Compare how weakly Obama led to the masterful tactics of Mitch McConnell, who engineered the placement of two Supreme Court justices and then convinced Senate Democrats to allow fifteen more federal judges to be confirmed as a condition for his letting Senators return to their home states to campaign. Why didn’t Obama fight like that?
If Obama is a closet conservative, then some of his choices make sense. But from a purely political, strategic point of view, many of his choices were just dumb and naive.
In 2008 America was ready for the change that Obama promised. The economy was in deep recession. Corporate America had come begging to Uncle Sam for bailouts. The war in Iraq — launched on false pretenses — was going badly. The war in Afghanistan was unresolved. Wall Street was exposed as corrupt and under-regulated. Scandals and criminality in the Bush administration and the GOP (Tom DeLay, etc) made Americans yearn for a strong, ethical, populist Democratic leader.
Obama campaigned as such a leader and had a mandate — certainly in terms of the electoral college vote: 365 to 173. The popular vote margin was respectable but not overwhelming: 52.9% to 45.7%.
Signs of trouble appeared early after Obama won election. Before his inauguration in 2009, when President-elect Obama was asked by ABC News’ George Stephanopoulo about whether there would be investigations and prosecutions for Bush-era criminality, Obama responded, “we need to look forward as opposed to looking backwards.” In 2012 Obama again tweeted: “We don’t look backwards, we look forward.”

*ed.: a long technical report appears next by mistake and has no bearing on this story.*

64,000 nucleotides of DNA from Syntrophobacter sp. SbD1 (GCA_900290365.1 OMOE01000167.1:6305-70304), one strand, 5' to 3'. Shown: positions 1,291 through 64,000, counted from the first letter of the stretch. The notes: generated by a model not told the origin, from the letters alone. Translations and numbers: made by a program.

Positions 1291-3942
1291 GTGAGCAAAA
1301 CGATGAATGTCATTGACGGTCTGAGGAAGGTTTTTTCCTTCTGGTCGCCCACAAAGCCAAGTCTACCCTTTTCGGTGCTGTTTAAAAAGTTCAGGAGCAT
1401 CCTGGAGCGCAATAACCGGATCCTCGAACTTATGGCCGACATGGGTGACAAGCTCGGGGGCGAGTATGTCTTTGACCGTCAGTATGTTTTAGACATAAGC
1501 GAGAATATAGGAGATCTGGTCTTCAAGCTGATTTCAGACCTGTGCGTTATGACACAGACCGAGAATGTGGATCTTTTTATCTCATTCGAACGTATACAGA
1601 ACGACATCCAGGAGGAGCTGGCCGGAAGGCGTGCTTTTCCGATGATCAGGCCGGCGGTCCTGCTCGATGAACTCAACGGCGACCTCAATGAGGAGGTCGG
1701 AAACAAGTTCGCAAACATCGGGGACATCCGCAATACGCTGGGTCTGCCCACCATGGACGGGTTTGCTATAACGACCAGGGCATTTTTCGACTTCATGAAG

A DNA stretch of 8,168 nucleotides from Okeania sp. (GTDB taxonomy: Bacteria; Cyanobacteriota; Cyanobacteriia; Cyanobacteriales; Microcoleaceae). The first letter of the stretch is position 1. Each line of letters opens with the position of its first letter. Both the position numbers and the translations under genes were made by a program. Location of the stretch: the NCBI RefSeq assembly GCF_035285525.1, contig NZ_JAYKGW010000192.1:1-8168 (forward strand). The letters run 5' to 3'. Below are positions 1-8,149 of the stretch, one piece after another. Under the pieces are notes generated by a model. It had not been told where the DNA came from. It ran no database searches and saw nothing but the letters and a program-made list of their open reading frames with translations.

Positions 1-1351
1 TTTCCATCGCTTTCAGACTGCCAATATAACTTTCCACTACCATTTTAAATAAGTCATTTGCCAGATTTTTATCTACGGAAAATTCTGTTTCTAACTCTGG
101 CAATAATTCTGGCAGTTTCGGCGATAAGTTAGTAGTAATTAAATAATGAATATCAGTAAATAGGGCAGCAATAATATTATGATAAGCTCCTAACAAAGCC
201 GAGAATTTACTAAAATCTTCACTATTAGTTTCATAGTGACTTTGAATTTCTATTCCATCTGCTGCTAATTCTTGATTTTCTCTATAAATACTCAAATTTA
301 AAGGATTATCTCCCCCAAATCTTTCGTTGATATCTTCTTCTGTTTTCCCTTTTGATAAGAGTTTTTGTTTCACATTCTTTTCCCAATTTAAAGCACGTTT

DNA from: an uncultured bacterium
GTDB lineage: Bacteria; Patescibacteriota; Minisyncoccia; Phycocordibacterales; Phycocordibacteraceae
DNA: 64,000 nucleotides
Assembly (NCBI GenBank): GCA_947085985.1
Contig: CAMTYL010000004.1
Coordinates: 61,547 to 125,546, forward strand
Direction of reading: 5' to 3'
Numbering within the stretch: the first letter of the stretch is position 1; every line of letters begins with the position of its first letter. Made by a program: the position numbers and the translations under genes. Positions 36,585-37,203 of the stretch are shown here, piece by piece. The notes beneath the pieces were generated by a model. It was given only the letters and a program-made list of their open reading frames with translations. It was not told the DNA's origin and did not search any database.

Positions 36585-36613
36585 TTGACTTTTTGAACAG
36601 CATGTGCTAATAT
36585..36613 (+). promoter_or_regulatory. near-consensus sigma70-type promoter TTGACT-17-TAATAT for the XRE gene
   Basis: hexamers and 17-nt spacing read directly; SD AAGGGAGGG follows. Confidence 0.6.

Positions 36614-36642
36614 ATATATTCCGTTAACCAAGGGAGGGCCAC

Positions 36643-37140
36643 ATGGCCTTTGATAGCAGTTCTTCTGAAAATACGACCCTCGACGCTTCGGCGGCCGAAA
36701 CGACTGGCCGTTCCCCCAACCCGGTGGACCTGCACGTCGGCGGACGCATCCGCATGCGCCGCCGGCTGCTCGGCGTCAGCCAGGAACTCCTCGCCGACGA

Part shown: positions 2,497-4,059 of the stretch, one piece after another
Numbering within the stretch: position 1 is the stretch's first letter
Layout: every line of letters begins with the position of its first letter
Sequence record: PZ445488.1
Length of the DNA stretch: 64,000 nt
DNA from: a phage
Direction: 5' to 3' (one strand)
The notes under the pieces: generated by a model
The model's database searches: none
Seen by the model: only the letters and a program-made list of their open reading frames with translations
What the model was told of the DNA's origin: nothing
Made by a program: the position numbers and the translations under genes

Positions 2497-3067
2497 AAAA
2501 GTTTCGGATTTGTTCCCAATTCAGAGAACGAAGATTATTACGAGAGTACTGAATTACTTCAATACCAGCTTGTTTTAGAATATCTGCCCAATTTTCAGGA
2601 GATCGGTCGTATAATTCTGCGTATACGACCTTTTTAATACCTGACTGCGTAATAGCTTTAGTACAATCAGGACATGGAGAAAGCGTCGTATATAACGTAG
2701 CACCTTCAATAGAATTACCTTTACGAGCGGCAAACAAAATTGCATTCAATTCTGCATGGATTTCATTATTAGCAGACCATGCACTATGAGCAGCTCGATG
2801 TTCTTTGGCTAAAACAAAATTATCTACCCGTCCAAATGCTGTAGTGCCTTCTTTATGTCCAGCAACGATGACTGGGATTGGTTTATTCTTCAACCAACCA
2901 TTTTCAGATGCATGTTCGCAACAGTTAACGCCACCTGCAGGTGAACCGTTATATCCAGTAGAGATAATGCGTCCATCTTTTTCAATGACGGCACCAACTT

Apparently, Obama didn’t look forward far enough. Else he would have foreseen the Republican takeover of the House in 2010 and the election of Donald Trump in 2016.
Obama was a brilliant and inspiring speaker. But, once elected, he barely used his oratorical skills to sway public opinion. His successful campaign organization, Obama For America, devolved into the ineffective Organizing for America. He often betrayed his base: progressives, environmentalists, women, labor, educators, and pacifists.
Here’s a partial list of Obama’s betrayals and mistakes:
- Prosecuting whistle blowers;
- Protecting war criminals and Wall Street crooks;
- Surrounding himself with Wall Street cronies;
- Supporting the charter school movement;
- Bankrupting and weakening the Democratic National Committee and state parties (see below);
- Continuing the Bush bailouts of Wall Street, not Main Street (“[T]he Obama White Hose did little to break from the prevailing economic consensus. With Clinton administration veterans Larry Summers, Rahm Emanuel, and Timothy Geithner back in power, Obama and his team of economic advisers sided with the lords of finance, directing unimaginable streams of money to shore up Wall Street while letting millions of Americans lose their homes to foreclosure” — Gabriel Winant, in The Nation, Feb 3, 2020);
- Failing to support the Employee Free Choice Act, despite union support during his election and his promise to “to fight for the passage of the Employee Free Choice Act”;
- Appointing conservative judges to the federal courts (“According to a February analysis by the Alliance for Justice, a coalition of environmental, consumer, civil rights, and women’s groups, 70 percent of Obama’s judicial nominees are former corporate attorneys. ” Obama’s Judicial Nominees: Liberals Are Upset With Them, Too);
- Pushing for strong enforcement of federal marijuana statutes US vows marijuana enforcement regardless of California vote, Medical Marijuana Industry Is Unnerved by U.S. Crackdown;
- Stacking the committee responsible for designing the Affordable Care Act with conservative Democrats, resulting in a health care bill similar to what Republicans had proposed: a gift to the private insurance industry. (See Despite insurance gains, more people in the U.S. can’t afford doctors.);
- Supporting conservative Democrat Blanche Lincoln against progressive challenger Bill Halter in the Arkansas Senate race; see Biden Sends Fundraising E-Mail For Blanche Lincoln.;